(Click to enlarge/Anklicken, um zu vergrößern)
People who get cremated in Germany have to have their ashes buried in an urn. (Does this mean there is a small hole that people throw small flowers into?)
There are local bye-laws too: in some places, tombstones of polished granite are forbidden because the mourners might see their reflections on the stone.
At the site www.postmortal.de there are various attempts to get round this, for example via the Netherlands or Switzerland.
(They use the word Kremierung apparently archaic except in Switzerland – instead of Kremation.
One way is via Slangenburg in the Netherlands. Apparently you can have a civilized ceremony in a Netherlands cemetery. I think you can have the ashes scattered too, if you dont want to smuggle them back into Germany (apparently frequently done).
The crematorium isnt as elegant as the grave of Georg Kißkalt, the architect for whom the house I live in was built (see photo above).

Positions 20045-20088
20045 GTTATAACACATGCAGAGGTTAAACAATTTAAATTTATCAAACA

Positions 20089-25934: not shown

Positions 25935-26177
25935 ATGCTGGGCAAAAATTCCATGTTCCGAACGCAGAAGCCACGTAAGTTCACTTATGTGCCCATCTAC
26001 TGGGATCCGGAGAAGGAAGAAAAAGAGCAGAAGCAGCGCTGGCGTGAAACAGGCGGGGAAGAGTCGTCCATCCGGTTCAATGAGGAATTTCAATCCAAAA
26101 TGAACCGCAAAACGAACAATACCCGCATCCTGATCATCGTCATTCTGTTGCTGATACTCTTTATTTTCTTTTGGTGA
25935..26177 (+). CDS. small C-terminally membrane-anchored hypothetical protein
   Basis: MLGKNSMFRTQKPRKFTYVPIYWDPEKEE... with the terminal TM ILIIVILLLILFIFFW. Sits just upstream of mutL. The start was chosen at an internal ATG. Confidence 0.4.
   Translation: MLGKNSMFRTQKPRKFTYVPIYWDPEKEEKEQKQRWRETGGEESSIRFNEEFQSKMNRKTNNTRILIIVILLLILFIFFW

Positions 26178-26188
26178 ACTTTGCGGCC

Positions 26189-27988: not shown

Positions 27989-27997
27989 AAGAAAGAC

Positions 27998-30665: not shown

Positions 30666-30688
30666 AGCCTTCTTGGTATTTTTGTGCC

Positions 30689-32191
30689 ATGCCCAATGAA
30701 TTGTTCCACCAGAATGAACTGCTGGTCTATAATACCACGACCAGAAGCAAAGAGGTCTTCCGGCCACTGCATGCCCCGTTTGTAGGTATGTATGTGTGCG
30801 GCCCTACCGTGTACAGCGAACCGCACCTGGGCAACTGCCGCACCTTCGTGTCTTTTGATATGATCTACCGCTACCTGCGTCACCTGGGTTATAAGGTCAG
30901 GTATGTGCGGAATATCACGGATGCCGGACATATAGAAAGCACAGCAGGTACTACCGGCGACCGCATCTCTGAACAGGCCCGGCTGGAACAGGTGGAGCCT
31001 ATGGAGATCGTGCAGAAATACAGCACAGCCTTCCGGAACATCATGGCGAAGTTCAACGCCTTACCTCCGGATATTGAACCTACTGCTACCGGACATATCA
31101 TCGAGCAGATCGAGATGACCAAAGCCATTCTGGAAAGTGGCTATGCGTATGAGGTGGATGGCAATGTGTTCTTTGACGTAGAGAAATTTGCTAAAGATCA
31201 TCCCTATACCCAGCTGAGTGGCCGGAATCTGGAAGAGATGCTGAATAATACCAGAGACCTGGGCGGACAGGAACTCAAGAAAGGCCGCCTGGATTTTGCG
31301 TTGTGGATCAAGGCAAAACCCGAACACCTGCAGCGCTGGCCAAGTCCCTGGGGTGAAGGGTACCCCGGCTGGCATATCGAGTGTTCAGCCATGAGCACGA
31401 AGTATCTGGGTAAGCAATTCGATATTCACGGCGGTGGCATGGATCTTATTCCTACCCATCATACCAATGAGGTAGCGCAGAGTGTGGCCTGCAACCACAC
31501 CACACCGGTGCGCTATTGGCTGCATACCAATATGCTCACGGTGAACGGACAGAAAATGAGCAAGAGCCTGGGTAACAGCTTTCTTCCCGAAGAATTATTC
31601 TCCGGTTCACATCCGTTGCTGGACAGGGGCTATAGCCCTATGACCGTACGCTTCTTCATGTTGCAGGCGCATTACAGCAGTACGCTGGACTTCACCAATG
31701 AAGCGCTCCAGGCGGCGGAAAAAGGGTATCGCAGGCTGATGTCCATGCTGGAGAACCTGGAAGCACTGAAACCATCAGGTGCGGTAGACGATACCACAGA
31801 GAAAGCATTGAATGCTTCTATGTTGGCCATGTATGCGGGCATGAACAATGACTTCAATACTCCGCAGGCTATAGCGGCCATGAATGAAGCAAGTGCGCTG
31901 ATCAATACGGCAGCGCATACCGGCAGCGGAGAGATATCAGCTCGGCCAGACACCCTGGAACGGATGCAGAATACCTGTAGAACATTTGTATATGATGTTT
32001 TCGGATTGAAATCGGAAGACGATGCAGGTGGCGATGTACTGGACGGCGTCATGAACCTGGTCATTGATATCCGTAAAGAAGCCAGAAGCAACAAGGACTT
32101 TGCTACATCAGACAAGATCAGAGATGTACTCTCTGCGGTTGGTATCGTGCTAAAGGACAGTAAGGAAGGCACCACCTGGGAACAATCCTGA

The Guardian recently had an article on Berliners using a Czech funeral firm.
bq. Fed up with paying too much and waiting too long to bury or cremate their loved ones, Germans are taking advantage of a new funeral service – in the Czech republic.
The cross-border business has been flourishing because Berliners have grown weary of waiting up to three weeks to pay their last respects and being befuddled with the paperwork.
Instead, they have turned to an enterprising undertaker, Harmut Woite, who has bought a new crematorium in Vysocanske, 43 miles inside the Czech border.
In Berlin it would cost on average 5,000 for a standard funeral service, six times more expensive than a funeral across the border.
Incidentally, in August 2003 Germany first introduced apprenticeships for undertakers. There are some articles about the first trainees, for instance in the Stuttgarter Zeitung online.